- CSEC discuss with CSIS the expansion of an existing practice to protect privacy to other circumstances; and
- CSEC advise CSIS to provide the Federal Court of Canada with certain additional evidence about the nature and extent of the assistance CSEC may provide to CSIS.
I found that CSEC practices relating to its assistance to CSIS and related activities were consistent with the general requirements in the "Accountability Framework" and "Privacy of Canadians" ministerial directives to CSEC, specifically to comply with the law and to take measures to ensure that information was lawfully obtained and handled in a manner consistent with the Canadian Charter of Rights and Freedoms and the Privacy Act.
While I made two recommendations to the Minister to help ensure CSEC assistance to CSIS is consistent with the law and to enhance privacy protection, I concluded that CSEC conducted its activities in accordance with the law and ministerial direction, and in a manner that included measures to protect the privacy of Canadians. The Minister accepted and CSEC has addressed the recommendations.
Following the completion of my review, I forwarded to the SIRC Chair, for information, certain general points relating to CSIS that arose out of the two recommendations I made and that SIRC may wish to examine as it deems appropriate. Subsequently, CSEC advised me that it raised the recommendations — which relate to matters that are controlled by CSIS, or require agreement from CSIS — with CSIS.
3. Review of CSEC IT security activities not conducted under a ministerial authorization
The National Defence Act mandates CSEC to provide advice, guidance and services to Government of Canada departments and agencies as well as to other owners of IT systems to help ensure the protection of electronic information and of information infrastructures of importance to the Government of Canada (paragraph 273.64(1)(b)).
During the period under review, the Government of Canada reorganized its cyber defence efforts. CSEC became the primary point of contact for cyber incidents faced by Government of Canada departments and agencies. Public Safety Canada is the primary point of contact for cyber incidents affecting non-Government of Canada critical infrastructure sectors. A further distinction is that CSEC is responsible for sophisticated cyber threats, such as those stemming from foreign state actors, while Public Safety Canada responds to less sophisticated threats, for example, those relating to known vulnerabilities in commercially available computer software.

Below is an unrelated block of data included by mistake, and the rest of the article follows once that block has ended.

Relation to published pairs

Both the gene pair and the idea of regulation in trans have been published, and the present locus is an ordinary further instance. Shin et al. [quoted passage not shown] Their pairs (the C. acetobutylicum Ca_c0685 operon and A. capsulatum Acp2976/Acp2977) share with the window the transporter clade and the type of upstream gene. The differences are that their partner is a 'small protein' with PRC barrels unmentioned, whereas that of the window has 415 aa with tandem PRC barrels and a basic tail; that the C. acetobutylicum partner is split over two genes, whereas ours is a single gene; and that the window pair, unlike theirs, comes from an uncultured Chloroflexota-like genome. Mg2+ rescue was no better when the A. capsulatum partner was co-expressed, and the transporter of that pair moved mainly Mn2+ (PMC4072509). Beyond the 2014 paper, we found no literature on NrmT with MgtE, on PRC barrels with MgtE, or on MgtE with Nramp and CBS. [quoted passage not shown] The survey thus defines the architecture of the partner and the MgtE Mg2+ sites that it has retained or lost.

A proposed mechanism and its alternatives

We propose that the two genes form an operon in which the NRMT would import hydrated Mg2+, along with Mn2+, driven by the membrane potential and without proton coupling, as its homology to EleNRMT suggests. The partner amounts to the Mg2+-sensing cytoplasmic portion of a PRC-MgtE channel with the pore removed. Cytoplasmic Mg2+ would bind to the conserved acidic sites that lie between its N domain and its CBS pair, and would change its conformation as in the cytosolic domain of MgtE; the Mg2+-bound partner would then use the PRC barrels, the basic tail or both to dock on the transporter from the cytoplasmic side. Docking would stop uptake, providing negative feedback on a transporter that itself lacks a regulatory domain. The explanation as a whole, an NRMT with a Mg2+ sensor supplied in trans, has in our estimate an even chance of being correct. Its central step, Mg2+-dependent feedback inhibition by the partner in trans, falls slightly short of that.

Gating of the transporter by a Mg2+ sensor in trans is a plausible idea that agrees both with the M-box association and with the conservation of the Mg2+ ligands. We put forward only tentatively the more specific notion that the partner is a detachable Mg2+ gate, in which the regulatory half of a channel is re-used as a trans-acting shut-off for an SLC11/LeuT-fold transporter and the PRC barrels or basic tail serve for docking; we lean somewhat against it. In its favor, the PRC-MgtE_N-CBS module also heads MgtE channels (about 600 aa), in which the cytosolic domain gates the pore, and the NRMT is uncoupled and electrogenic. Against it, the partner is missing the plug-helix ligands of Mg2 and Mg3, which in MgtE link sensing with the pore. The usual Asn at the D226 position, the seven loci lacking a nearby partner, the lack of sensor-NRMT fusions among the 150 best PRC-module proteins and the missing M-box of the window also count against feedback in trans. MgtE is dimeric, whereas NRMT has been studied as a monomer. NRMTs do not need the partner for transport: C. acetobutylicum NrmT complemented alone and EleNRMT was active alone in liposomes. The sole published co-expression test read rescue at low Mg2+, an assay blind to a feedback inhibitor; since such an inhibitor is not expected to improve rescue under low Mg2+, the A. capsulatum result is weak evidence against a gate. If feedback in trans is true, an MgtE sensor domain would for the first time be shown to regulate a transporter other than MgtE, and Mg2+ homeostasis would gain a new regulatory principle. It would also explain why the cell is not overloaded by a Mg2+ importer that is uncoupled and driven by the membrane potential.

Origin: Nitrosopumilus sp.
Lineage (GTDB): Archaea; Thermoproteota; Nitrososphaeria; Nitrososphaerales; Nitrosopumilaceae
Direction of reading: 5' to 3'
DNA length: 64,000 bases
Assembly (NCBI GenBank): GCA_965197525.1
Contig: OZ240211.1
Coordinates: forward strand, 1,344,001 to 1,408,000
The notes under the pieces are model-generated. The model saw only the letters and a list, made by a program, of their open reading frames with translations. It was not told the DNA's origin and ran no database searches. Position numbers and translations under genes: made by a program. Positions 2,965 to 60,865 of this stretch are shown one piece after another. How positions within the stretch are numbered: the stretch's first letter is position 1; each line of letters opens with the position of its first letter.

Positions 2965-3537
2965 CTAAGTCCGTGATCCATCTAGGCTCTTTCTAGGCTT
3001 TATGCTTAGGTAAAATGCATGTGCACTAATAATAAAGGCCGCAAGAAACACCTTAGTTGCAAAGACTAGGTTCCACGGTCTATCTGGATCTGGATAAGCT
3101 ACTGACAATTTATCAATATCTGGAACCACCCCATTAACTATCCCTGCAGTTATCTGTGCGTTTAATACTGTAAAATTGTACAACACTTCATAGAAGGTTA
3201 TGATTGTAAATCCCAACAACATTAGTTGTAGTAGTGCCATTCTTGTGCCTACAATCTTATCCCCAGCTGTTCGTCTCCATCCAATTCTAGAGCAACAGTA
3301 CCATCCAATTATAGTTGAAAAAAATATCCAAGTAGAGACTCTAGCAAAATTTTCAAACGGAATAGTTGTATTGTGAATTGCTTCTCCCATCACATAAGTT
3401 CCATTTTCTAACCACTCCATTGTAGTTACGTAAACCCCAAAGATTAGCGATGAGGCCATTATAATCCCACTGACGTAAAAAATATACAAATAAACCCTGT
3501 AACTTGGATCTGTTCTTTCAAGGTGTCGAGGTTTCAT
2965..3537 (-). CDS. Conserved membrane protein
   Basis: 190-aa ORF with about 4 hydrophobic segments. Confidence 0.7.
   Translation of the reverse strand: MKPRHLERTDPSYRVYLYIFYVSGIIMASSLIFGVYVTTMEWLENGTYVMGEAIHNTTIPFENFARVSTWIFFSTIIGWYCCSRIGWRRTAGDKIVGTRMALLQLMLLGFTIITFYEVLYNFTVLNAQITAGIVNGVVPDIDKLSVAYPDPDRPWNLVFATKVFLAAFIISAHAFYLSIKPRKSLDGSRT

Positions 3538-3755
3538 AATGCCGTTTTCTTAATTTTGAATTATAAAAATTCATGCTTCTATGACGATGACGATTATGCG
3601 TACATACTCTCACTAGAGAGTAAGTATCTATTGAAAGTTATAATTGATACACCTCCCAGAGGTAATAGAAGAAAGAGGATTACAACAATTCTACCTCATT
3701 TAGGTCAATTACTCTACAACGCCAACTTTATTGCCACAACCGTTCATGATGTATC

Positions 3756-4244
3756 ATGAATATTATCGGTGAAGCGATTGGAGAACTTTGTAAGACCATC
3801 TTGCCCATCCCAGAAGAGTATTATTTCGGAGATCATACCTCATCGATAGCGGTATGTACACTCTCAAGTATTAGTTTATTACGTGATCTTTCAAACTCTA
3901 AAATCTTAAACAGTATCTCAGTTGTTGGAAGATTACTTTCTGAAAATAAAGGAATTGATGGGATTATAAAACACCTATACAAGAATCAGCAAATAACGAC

I examined certain IT security activities conducted by CSEC to detect, analyse and mitigate cyber threats. CSEC does not undertake these activities under a ministerial authorization as it does not intercept communications. Rather, CSEC uses information acquired by the system owners — under their Criminal Code authorities and, for Government of Canada system owners, also under their Financial Administration Act authorities — and disclosed to CSEC. These authorities permit the interception of private communications by authorized persons when the interception is reasonably necessary to protect computer systems from mischief and unauthorized use.
The objectives of my review were to assess whether CSEC complied with the law and the extent to which CSEC protected the privacy of Canadians in carrying out the activities. In addition to acquiring detailed knowledge about the activities, I examined:
- the legislative and policy framework for the activities;
- CSEC organizational changes;
- technologies, databases and systems used for the activities;
- the amount and treatment of private communications and Canadian identity information acquired by the activities as well as a sample of those private communications and Canadian identity information used by CSEC; and
- agreements in place with Government of Canada departments and agencies.
Private Communication: "any oral communication, or any telecommunication, that is made by an originator who is in Canada or is intended by the originator to be received by a person who is in Canada and that is made under circumstances in which it is reasonable for the originator to expect that it will not be intercepted by any person other than the person intended by the originator to receive it, and includes any radio-based telephone communication that is treated electronically or otherwise for the purpose of preventing intelligible reception by any person other than the person intended by the originator to receive it" (section 183 of the Criminal Code).